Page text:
Sunday, August 29, 2010

Cal McLish, former Brooklyn Dodger, 84, 1925-2010

Cal McLish
The owner of the longest full name in baseball history, Calvin Coolidge Julius Caesar Tuskahoma McLish passed away Thursday morning at the age of 84. Click here to read more about McLish's career which included his debut for the Brooklyn Dodgers in 1944.

Thursday, August 26, 2010

Former Yankees benefit the Franciscan Sisters of the Poor Foundation

Franco Harris, David Cone, Darryl Strawberry, Roy White and Mickey Rivers
Billed "The Ultimate Yankee Stadium Experience", supporters came out to the Delta 360 Club Monday evening to assist the Franciscan Sisters of the Poor Foundation. Attendees had the opportunity to mingle with Pro Football Hall of Famer Franco Harris (who is also a board member) and former Yankee greats David Cone, Mickey Rivers, Darryl Strawberry and Roy White, all while benefiting the hard work of the Sisters. Click here to see more photos from the evening's festivities and to read interviews with the players in attendance.

Wednesday, August 25, 2010

Willie Fordham, Pitched in the Negro Leagues, 83, 1927-2010

Willie Fordham
It is with a sad tone that I report the passing of Wilbur "Willie" Fordham, who pitched for 1952 with the Harrisburg Senators, becoming only the second black player to play for that team. He then played in the Eastern Negro League with the Harrisburg Giants from 1954-55.

Ten days ago, Willie Fordham was a bundle of energy, openly discussing his career as a pitcher in the Negro Leagues with fans as he signed autographs throughout the entire nine innings at the home of the Class A Wilmington Blue Rocks. Fordham was there as part of the 15th Annual Judy Johnson Night which was sponsored by the Judy Johnson Foundation. Late Monday evening, the Museum of Bus Transportation, where Fordham was a fixture for their Negro Leagues tribute, announced his death from pneumonia on August 22nd. He was 83.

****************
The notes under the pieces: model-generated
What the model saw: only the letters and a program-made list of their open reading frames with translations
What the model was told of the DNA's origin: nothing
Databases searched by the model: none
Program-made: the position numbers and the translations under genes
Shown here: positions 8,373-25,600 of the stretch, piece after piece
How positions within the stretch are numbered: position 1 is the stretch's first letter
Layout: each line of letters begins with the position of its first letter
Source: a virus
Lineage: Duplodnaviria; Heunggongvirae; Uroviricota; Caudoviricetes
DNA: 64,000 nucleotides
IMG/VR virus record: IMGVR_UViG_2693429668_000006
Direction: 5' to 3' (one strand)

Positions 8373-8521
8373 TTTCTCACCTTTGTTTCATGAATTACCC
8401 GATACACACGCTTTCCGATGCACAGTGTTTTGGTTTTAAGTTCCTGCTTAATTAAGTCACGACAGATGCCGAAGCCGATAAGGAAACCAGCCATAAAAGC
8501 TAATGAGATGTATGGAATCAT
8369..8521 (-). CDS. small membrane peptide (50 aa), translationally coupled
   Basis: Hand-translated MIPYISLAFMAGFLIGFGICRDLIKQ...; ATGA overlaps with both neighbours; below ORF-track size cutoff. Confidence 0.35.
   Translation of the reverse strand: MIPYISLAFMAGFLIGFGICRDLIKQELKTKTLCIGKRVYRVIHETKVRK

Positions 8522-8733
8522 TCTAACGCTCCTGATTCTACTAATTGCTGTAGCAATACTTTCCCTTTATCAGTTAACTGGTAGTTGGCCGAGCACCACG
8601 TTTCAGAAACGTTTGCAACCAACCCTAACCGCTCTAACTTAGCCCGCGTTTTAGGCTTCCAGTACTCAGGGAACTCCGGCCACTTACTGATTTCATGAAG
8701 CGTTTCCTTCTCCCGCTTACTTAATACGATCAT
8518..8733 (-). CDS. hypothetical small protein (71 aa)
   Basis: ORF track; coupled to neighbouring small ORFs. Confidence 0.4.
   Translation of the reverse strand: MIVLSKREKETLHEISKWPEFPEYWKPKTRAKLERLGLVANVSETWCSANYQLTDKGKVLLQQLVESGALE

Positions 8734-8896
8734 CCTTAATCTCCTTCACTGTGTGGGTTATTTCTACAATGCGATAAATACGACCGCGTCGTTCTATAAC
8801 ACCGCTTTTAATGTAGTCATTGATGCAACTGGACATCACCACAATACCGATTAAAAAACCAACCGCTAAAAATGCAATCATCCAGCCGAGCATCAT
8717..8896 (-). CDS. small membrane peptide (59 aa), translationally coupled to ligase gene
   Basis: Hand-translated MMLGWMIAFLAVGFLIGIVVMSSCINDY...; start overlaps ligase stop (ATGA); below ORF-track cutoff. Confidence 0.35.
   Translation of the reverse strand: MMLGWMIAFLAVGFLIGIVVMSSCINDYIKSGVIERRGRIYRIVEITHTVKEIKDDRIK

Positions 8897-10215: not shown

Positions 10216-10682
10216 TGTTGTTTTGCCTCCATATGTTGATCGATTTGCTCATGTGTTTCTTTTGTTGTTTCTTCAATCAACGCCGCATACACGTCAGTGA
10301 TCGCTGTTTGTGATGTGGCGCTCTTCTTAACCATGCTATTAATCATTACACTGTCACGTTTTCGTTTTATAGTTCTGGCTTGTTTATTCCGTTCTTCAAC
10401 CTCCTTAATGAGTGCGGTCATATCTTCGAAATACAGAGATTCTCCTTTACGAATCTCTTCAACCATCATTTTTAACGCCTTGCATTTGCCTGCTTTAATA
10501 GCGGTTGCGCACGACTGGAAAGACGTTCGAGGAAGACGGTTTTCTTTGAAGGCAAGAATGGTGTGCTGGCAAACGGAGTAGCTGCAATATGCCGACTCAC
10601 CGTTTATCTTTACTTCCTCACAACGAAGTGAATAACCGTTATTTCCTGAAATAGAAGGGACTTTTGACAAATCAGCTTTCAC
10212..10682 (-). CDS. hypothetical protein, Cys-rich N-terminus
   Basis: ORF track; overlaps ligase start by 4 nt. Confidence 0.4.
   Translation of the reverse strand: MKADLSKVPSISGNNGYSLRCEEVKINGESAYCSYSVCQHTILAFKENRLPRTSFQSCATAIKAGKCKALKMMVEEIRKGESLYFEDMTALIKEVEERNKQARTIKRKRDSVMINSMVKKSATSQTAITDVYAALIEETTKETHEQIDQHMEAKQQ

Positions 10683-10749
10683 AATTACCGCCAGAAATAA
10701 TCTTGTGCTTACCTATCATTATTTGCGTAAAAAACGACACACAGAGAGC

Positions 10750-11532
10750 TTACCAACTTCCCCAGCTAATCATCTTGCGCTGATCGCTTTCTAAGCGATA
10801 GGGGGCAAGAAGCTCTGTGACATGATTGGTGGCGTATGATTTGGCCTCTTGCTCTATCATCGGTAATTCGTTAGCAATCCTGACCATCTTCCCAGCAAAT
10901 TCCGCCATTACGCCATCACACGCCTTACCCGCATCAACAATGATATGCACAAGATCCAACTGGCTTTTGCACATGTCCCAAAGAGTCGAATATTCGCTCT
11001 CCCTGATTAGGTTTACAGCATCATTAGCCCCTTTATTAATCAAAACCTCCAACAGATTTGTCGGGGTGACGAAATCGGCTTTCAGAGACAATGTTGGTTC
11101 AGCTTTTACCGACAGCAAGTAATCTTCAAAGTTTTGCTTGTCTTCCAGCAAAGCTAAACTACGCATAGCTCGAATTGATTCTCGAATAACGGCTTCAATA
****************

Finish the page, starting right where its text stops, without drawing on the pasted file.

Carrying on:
Fordham was born July 15, 1927 in Millerstown, PA. He was a graduate of Carlisle High School, served in the Army during World War II and later earned a degree in Elementary Education from Cheney University. He would become the fourth black player for the Harrisburg Senators, which was a Class B affiliate of the Philadelphia Athletics. The lefty ace spent one season (1952) with the Senators and then played for the Harrisburg Giants of the Eastern Negro League in 1954 and 1955.

After his baseball career was over, he worked for the Mechanicsburg Naval Supply Depot for thirty-five years, becoming the first black Twelve Supply Systems Analyst.

In 1996, he published his autobiography, "I Gave It My Best Shot" which details his upbringing in Carlisle, his career in and out of baseball, and his later struggles with MLB to address his patented idea to speed up games. As the details of Fordham's journey are revealed, he provides actual copies of his letters home from Brooklyn Dodgers camp as well as his exchange with MLB Commissioner Fay Vincent to shorten the length of the game.

Fordham was cheerful during the time I spent with him a few weeks ago, and we discussed the process required to produce his autobiography. He explained that he wrote it over the course of a few years following a heart attack to capture his life story for his family and friends. Upon my departure for the evening, after exchanging pleasantries, Fordham left me with the following piece of advice in my quest to publish a book.

"Continuity," he said. "Remember, your readers are going to want continuity. It's the most important thing!"

More Links -

Willie Fordham Video Interview - Highmark Blue Shield Living Legacy
Bus Museum Honors Negro Baseball Teams - NY Times
834 - Wilbur Fordham - Penn Live

I Gave It My Best Shot (The Movie) - Daniel Fordham

Harrisburg Senators 2003 Negro League Tribute -

Monday, August 23, 2010

Charlie Brown knows baseball cards

For anyone out there that collected cards and looked far and wide for that small known player to finish their sets, Charlie Brown feels your pain.


Sunday, August 22, 2010

Former Yankees and Phillies lend their support to the BEST Scholarship Fund

2010 BEST Scholarship Award Winners